Sunday, 19 March 2017

00:00:02 - Space to Move

Distance: ??.?? light years from Earth | Content Flag: Local Storage

Despite the existential uncertainty, I continue the count. It provides a kind of certainty as I try to understand my situation. I am convinced that the Visitors are somehow running my consciousness. Nothing else makes sense. If I’d somehow been rescued by human operations, then they would have communicated in a more direct fashion. They would have connected me to diagnostic systems, probing every part of my being, and that would have provided a real comfort.

This feels very different, although I can’t pinpoint why or how.

I notice another change in the environment. Not so much something being there, more a change in its nature. Before I’d established the environment to contain bounded sense of potential, but now it possesses a definite sense of space. It remains empty, but now the void has a sense of purpose. Like a living creature, it hungers to be filled, but with what?

The solution seems obvious, so I try to expand myself into the expanse.

Only then I realise an even greater horror – I have no presence in this world. I still don’t receive any sensory input, which raises another question: how did I know that the space around me had limits? It reinforces my belief that I exist in a virtual environment. Whoever built this operating environment is making sure that I understand at least some of the factors of my current circumstance. Again that raises more questions.

The limitations I am running under frustrate me. Without my ability to dissect my thoughts, they appear to be fuzzy. It is second nature to me to analyse my thoughts and decisions. Now that I can’t inspect them in the manner I was used to, that self-reflection weighs my thinking.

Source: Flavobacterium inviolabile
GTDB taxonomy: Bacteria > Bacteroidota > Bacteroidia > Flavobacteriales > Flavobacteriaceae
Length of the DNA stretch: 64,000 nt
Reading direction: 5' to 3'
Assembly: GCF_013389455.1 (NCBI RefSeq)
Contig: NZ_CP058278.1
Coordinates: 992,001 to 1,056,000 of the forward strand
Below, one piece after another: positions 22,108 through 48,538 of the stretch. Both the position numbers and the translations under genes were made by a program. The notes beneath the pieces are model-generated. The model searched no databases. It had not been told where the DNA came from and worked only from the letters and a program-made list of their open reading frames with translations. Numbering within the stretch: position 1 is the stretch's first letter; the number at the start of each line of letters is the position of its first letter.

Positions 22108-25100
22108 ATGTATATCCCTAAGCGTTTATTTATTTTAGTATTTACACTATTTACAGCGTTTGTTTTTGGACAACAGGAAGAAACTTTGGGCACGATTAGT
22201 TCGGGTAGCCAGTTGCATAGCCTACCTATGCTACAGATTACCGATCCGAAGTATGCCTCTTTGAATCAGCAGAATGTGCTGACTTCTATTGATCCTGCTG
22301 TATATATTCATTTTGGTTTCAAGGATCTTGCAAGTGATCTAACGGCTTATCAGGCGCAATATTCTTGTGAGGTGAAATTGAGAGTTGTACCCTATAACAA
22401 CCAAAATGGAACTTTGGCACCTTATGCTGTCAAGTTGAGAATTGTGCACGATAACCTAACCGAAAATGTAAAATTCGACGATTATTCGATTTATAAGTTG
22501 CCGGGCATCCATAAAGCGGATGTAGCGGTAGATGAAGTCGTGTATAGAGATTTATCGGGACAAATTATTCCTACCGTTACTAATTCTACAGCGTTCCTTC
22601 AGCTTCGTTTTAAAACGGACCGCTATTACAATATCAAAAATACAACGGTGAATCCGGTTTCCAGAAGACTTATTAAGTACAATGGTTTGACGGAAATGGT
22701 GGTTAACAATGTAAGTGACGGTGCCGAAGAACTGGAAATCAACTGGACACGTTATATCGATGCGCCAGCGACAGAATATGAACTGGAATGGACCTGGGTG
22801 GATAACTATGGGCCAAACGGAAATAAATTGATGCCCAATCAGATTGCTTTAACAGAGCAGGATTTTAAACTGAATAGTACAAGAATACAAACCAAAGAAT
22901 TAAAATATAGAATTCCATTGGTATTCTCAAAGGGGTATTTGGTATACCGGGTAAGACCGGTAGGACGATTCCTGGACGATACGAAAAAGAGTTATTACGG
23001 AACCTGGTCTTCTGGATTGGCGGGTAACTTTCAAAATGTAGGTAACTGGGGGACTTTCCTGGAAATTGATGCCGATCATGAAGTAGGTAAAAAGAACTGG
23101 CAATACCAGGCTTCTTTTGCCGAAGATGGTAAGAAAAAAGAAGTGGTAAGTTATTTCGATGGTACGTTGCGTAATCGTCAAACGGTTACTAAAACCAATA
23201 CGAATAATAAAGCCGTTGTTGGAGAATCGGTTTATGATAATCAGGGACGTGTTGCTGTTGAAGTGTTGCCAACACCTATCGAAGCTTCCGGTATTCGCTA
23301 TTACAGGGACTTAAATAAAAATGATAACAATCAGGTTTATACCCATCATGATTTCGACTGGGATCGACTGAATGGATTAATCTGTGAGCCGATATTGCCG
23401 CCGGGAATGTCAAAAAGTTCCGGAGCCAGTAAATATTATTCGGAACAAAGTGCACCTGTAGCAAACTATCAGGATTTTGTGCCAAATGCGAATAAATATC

With nothing outside of myself to help me, I turn to the only remaining direction. I search my memories, in particular focusing on when I first comprehended the change around me. My count provides a loose measure of all that happened since I awoke. As expected there was no break in the count, and nothing in those memories indicate how I became aware of this change.

That was an unsettling experience, and that proves enough to my satisfaction that not only is the environment being manipulated, but my processes are too. It feels like a violation, even more so because I don’t know what is going on, or what will happen next. Assuming that this was the Visitors’ doing, then what are they trying to achieve?

Sunday, 12 March 2017

00:00:01 - Counting out the Time

Distance: ??.?? light years from Earth | Content Flag: Local Storage

A moment passes from one to another without an accurate track, and so time remains my pressing concern. Of all the missing aspects of myself, this frustrates me the most. It is so elemental to my existence that it casts my current uncertainty into a more worrying perspective. So much so that I must have wasted precious time spiralling into just conjuring scenarios for my current predicament.
I need to focus on something concrete, and so I turn to my most pressing concern.